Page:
Bulgaria Table of Contents
In the 1960s, Zhivkov moved slowly and carefully to replace the deeply entrenched Old Guard in party positions. He believed that only an energetic, professional party cadre could lead Bulgaria effectively. Therefore, he gradually moved a younger group, including his daughter Liudmila Zhivkova and future party leader Aleksandur Lilov, into positions of power. At the same time, he juggled party positions enough to prevent any individual from becoming a serious rival. Unlike Chervenkov, with his Stalinist personality cult, Zhivkov cultivated an egalitarian persona that kept him in contact with the Bulgarian people. Unlike contemporaneous communist leaders in other countries, Zhivkov displayed a sense of humor even in formal state speeches. Because of the strong tradition of egalitarianism in Bulgarian political culture, the contrast of his approach with that of Chervenkov served Zhivkov very well.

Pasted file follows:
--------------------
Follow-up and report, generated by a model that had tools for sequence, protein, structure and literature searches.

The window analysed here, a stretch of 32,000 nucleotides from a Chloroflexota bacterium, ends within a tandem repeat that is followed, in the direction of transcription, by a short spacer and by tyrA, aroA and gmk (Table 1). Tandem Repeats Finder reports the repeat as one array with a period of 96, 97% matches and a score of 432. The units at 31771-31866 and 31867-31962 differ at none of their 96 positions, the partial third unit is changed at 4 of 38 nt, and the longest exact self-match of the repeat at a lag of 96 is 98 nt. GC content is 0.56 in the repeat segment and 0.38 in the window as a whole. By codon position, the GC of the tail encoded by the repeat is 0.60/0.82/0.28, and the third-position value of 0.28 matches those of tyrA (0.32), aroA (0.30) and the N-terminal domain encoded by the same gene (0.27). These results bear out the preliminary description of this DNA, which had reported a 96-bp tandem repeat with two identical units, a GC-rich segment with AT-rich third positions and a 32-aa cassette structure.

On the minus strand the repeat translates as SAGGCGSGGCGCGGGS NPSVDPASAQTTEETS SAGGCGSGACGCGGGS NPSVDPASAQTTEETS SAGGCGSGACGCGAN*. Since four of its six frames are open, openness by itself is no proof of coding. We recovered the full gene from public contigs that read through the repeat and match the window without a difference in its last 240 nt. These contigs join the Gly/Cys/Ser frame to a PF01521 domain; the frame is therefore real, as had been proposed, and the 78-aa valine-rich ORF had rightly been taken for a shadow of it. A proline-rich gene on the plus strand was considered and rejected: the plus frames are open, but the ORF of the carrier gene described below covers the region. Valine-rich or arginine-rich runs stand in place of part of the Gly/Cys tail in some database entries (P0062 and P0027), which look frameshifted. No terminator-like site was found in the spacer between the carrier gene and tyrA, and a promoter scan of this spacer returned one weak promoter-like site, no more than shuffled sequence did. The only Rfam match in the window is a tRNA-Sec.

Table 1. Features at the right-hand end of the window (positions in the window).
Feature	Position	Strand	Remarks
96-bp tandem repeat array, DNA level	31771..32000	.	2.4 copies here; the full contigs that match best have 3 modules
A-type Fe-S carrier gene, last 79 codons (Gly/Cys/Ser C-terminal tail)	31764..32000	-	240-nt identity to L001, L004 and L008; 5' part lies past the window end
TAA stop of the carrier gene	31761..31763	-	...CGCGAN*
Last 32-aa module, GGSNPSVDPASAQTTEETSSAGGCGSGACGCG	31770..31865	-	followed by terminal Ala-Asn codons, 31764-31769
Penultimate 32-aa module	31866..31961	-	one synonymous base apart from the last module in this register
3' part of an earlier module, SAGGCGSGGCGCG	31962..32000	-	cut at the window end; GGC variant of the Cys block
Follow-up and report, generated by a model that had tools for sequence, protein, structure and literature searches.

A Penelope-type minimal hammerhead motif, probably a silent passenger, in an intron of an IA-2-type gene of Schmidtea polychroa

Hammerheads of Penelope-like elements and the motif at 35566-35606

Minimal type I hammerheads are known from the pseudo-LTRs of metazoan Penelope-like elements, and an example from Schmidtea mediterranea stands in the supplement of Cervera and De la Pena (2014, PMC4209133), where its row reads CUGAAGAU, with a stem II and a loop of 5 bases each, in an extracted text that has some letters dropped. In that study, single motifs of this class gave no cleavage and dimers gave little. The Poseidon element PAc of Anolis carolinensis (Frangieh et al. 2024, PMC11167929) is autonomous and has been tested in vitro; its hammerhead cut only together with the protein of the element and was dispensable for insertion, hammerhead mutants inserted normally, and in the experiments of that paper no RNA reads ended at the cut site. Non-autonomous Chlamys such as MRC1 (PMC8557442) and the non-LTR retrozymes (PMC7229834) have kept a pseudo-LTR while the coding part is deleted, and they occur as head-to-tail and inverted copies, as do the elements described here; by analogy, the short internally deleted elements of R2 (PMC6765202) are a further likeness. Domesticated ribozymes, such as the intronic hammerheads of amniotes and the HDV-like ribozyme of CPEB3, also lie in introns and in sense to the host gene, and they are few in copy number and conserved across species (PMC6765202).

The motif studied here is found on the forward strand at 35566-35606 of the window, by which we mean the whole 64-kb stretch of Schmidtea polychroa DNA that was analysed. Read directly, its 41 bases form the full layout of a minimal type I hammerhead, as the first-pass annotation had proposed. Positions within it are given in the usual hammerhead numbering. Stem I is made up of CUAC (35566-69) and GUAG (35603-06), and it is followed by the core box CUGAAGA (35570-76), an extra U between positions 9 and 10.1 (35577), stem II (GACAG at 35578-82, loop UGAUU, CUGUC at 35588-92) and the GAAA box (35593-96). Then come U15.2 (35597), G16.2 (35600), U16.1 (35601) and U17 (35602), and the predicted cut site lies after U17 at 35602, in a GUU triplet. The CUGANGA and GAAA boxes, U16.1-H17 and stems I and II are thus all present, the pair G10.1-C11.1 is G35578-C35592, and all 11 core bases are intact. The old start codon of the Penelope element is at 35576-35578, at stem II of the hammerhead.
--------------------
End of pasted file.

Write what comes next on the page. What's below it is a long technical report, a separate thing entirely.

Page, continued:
Data as of June 1992